Making aid work for people in crises
John Mitchell @ALNAP – Director of ALNAP (Active Learning Network for Accountability and Performance), ODI
Volker Huls – Global Monitoring, Evaluation and Learning Advisor, Danish Refugee Council
Shashwat Saraf @shashwatsaraf – Nigeria Country Director, ACF Action Against Hunger
Sophia Swithern @sophiaswithern – Independent Consultant
Ombretta Baggio @ombaggio – Senior Advisor on Community Engagement and Accountability, International Federation of the Red Cross (IFRC)
Stories of irrelevant aid regularly arise in humanitarian assistance. People affected by disasters or crises receive food they cannot eat, services they do not want or technologies they cannot use. If they are not getting what they really need, something is going wrong.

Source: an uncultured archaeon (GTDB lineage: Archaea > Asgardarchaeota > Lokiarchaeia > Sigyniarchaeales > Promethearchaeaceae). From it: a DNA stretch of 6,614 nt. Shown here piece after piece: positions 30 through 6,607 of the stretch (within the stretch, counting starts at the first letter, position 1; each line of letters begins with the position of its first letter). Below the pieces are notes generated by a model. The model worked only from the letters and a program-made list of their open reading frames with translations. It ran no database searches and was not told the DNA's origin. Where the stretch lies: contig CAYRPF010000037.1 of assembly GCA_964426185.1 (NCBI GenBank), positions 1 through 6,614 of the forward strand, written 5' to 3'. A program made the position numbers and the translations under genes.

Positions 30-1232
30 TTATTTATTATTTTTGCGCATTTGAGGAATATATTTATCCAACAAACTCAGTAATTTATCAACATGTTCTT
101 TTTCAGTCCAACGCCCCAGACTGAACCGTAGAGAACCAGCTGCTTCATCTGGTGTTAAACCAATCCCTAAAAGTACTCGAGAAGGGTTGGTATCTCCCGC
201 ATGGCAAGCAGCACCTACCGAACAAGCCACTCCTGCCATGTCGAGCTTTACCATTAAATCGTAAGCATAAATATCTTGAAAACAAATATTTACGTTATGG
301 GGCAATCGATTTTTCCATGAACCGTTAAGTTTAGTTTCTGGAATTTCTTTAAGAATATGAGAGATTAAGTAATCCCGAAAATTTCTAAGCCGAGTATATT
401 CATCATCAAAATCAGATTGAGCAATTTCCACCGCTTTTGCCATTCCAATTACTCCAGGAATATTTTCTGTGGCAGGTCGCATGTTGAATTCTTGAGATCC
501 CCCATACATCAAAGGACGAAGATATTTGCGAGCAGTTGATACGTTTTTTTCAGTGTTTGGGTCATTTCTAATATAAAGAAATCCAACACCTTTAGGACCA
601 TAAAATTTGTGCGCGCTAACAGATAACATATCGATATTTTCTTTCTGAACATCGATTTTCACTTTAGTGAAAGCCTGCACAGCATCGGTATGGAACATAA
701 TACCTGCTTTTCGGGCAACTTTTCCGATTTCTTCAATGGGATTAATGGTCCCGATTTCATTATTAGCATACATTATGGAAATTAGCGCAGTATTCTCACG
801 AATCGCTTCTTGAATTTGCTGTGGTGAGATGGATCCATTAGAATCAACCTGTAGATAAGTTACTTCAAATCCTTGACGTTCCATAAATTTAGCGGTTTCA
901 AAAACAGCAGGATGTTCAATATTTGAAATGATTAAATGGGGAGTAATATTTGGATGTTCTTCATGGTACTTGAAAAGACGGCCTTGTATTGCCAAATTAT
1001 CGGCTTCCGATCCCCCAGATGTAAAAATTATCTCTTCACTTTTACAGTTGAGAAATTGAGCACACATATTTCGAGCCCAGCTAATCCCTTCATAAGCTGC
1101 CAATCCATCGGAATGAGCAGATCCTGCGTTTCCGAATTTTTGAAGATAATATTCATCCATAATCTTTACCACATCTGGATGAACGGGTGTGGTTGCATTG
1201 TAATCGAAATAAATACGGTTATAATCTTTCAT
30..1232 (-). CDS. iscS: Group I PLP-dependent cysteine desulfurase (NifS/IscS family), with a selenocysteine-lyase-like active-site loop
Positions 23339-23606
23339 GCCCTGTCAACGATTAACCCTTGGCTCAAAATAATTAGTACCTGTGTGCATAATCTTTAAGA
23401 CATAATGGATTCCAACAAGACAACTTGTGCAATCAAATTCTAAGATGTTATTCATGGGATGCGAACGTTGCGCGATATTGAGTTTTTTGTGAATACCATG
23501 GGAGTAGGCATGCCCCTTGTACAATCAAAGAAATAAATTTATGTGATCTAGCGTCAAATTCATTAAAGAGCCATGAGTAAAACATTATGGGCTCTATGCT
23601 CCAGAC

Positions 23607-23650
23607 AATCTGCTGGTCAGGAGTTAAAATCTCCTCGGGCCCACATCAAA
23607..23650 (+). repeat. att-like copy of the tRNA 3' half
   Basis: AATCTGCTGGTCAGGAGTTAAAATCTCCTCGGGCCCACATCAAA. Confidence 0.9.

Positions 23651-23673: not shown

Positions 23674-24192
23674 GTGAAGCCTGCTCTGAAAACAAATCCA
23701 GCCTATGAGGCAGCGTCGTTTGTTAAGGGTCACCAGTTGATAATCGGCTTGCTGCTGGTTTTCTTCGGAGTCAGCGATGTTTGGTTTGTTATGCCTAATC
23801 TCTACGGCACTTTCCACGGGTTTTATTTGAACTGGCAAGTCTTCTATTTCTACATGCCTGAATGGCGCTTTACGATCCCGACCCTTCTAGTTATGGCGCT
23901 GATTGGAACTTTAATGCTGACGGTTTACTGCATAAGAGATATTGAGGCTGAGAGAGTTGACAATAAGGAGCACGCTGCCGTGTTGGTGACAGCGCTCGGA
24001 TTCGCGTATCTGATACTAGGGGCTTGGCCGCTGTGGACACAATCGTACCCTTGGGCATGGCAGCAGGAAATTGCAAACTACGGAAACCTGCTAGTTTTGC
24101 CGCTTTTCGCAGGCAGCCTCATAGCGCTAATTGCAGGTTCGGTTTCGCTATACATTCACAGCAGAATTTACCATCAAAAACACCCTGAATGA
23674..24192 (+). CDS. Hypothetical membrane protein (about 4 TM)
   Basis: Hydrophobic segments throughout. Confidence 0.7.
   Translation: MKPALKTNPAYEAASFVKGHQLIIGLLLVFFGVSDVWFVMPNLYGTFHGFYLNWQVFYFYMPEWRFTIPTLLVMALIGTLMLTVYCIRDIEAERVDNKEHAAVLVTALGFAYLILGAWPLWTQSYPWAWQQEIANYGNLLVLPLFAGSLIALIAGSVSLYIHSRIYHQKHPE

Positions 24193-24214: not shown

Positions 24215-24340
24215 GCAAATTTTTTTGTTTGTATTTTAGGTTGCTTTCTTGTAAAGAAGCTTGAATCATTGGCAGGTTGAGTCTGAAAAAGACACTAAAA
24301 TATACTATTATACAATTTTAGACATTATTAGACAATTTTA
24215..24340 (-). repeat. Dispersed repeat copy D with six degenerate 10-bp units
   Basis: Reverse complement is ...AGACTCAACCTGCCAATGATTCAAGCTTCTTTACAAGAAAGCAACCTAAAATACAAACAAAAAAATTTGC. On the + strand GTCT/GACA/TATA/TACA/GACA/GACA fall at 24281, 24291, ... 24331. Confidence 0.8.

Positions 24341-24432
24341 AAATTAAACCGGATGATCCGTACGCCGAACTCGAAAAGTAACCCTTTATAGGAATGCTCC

Relevance is central to humanitarian principles and standards, however putting it into practice is profoundly difficult and potentially disruptive. Realigning the humanitarian offer with the priorities of affected people opens unique opportunities in identifying dynamic needs, being culturally and contextually relevant and delivering on time and at scale.
On the back of ALNAP’s 32nd Annual Meeting, we explore how those working in humanitarian policy and implementation are tackling these themes and the challenges faced in doing so.